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Overmedication in the Nursing Home

Original source:

New York Times
JANUARY 11, 2010
by Paula Span

The number jumped out at me as I was reading a newly published study on mental health treatment in nursing homes: 71 percent.

Within three months of admission, a team of University of South Florida researchers determined, 71 percent of Medicaid residents in Florida nursing homes were receiving a psychoactive medication - an antidepressant or anti-psychotic, say, or dementia drugs - even though most were not taking such drugs in the months before they moved in and didn't have psychiatric diagnoses. Fifteen percent of residents were taking four or more such medications. But only 12 percent were getting nondrug treatments like behavioral therapy.

Unlike me, Victor Molinari, a professor of aging at the University of South Florida and lead author of the study, wasn't startled by those statistics. "They confirmed what I suspected," he told me in an interview. "And people who work in nursing homes wouldn't be surprised."

To have a great majority of residents on these powerful drugs isn't, on the face of it, an indictment of the way they're cared for. Mental health problems are rampant in nursing homes and a primary reason elderly people move in; some observers have taken to comparing nursing homes to psych wards. So some proportion of residents should be receiving treatment, possibly including medication, for anxiety, depression, bipolar disease, schizophrenia or the behavior problems that stem from dementia.

But 71 percent?

"It seems the use of psychoactive medication is trumping the use of nondrug treatments," Dr. Molinari said.

And given the possible interactions with the many other drugs most residents take, an average 10 or more prescriptions, "it could well be that we're causing problems like falls, confusion and delirium, and hospitalizations," he cautioned.

This was not supposed to happen. Nursing homes' reliance on psychoactive drugs has troubled professionals in geriatrics for years, so a major reform passed by Congress, in the Omnibus Budget Reconciliation Act of 1987, required that new residents be assessed for mental illness and encouraged use of nonpharmacological treatments.

But there's a major loophole. In many states, residents being admitted directly from hospitals are exempt from screening. As a result, federal data show, fewer than half of residents with major mental illnesses receive the mandated assessment. "The spirit of O.B.R.A. has been violated," Dr. Molinari said.

Only half of nursing homes provide weekly patient consultations with psychiatrists, psychologists or other mental health experts; even fewer provide consultations with those who specialize in working with seniors.

In addition, staffs are stretched thin and inadequately trained in mental health care. With a pill a quicker and simpler intervention than the alternatives, probable overuse is the result.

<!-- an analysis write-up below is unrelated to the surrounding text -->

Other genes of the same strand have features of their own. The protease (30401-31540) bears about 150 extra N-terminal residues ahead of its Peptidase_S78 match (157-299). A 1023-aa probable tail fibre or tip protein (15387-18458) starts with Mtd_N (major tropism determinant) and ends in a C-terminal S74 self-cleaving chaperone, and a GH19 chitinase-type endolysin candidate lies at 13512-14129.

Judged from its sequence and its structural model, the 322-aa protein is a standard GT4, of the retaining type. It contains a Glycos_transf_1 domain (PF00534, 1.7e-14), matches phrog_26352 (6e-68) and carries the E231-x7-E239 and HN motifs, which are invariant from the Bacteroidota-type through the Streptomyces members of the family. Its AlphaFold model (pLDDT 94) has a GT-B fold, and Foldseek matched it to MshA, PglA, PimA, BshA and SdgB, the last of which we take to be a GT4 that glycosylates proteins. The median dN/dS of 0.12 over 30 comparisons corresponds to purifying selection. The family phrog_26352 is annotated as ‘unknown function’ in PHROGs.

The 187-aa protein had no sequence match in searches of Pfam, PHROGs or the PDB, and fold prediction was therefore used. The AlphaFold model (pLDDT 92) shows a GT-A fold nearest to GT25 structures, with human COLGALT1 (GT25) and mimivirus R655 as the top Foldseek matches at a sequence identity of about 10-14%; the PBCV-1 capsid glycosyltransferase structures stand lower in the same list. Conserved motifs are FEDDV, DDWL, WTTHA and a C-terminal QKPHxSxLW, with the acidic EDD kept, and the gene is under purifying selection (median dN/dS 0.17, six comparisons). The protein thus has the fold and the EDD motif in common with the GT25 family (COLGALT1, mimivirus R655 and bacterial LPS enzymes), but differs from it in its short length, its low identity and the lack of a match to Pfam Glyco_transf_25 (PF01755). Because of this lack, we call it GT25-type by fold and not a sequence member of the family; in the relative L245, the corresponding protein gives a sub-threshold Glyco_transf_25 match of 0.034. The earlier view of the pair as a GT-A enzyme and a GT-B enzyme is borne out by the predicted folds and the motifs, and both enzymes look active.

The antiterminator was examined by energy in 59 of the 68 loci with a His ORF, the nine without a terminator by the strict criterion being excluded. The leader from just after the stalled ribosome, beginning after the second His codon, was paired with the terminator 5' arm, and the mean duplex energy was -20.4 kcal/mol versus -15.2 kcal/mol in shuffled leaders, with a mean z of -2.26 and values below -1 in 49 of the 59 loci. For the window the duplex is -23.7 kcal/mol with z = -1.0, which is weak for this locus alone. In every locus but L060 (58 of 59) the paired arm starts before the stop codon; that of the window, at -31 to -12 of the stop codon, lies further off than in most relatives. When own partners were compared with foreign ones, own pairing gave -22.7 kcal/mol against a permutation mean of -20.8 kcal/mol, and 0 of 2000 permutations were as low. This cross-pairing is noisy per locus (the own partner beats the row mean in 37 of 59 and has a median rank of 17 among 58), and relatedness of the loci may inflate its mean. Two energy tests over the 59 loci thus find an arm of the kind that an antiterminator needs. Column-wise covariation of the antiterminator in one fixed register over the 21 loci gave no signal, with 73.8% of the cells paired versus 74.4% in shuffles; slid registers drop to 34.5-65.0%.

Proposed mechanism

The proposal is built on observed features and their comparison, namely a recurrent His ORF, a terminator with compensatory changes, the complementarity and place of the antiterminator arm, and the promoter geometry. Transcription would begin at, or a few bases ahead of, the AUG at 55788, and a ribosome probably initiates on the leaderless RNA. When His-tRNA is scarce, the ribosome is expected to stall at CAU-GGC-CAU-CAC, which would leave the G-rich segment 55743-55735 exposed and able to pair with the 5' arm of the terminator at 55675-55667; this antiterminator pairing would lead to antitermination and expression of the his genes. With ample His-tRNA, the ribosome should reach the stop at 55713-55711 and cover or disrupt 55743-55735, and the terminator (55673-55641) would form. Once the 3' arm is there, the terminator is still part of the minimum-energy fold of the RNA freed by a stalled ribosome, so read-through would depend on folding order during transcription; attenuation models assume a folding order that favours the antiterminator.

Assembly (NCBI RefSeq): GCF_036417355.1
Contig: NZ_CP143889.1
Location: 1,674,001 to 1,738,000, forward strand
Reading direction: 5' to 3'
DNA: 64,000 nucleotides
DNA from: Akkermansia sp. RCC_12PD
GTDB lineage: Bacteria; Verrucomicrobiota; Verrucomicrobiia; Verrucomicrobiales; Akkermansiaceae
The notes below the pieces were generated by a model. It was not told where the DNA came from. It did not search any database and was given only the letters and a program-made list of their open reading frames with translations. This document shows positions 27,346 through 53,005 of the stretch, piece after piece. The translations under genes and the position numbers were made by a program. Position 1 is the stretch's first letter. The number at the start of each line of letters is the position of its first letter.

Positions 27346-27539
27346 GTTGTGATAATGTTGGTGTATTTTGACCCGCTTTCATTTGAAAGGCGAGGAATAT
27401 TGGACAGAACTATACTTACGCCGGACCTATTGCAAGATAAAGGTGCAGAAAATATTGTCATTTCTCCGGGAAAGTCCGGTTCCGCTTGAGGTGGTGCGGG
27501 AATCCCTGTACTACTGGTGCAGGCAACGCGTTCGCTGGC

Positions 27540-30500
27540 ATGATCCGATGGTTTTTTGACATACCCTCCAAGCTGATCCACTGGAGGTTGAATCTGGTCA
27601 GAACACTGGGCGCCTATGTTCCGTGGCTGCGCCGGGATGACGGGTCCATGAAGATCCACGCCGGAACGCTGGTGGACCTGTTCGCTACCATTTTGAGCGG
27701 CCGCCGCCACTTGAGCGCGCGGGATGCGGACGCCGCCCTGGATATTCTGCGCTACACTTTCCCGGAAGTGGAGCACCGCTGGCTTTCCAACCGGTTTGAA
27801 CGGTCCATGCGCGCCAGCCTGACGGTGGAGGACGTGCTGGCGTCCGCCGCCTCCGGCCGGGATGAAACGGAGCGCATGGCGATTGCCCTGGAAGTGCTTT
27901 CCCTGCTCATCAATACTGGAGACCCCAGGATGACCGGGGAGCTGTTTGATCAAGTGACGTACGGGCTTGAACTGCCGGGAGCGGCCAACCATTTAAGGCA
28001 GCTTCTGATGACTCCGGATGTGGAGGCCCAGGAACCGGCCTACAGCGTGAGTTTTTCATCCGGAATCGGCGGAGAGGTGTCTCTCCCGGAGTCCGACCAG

"I suspect what happens is, at 3 a.m. Mrs. A. starts yelling in her bed. The aide tries to calm her down and can't, so the nurse calls the consulting physician and gets Mrs. A on a tranquilizer - and she stays on it, whether or not she needs it," Dr. Molinari said. If the aide had fewer patients to care for and more time to soothe one who was agitated, if she'd had better training in responding to behavioral problems, she might have been able to settle Mrs. A down without Librium.

(Some of these medications are being prescribed for off-label purposes, that is, for conditions that have not been approved specifically by the Food and Drug Administration. Last January, for instance, the Justice Department brought criminal charges against Eli Lilly, accusing the big pharmaceutical firm of illegally marketing its anti-psychotic Zyprexa to doctors who work in nursing homes and assisted living facilities, and encouraging them to prescribe it for sleep disorders and dementia. Its approved use is to treat schizophrenia and bipolar disorder [pdf]. Lilly agreed to pay $1.4 billion in a related civil settlement.)

Dr. Molinari declines to point fingers, though. "This is not a matter of unethical medical people pumping in medications and nursing homes cutting corners," he said. "It's a systemic problem." He thinks it requires a systemic solution, too, including more mental health professionals specializing in geriatrics and better training for the entire staff. Medicare parity, under which mental health care is reimbursed at the same rate as other illnesses, begins to phase in this year and may help.

While we're waiting for systemic solutions (and it could be a long wait), families with elders in nursing homes would do well to keep track of the drugs the seniors are taking and to monitor the effects.

"For years, I've had calls from family members saying, 'Mom was completely lucid when she went into the nursing home, and a week later she no longer recognized us,'" said Janet Wells, public policy director of NCCNHR, formerly the National Citizens' Coalition for Nursing Home Reform. "Families should question why drugs are prescribed, do some research. A lot of drugs are being used as restraints."

If a resident seems to hallucinate or show greater confusion after a shift in drug regimen, bring your observations to the director of nursing (not to the aides who provide the bulk of hands-on care but have little authority to make changes). You can also consult an outside physician or the local ombudsman for long-term care.

And take advantage of the federal requirement that nursing homes hold quarterly care planning conferences to assess each resident's needs. "Regularly attend team treatment meetings," Dr. Molinari said, "so you have a voice."

Paula Span is the author of the recently published "When the Time Comes: Families With Aging Parents Share Their Struggles and Solutions."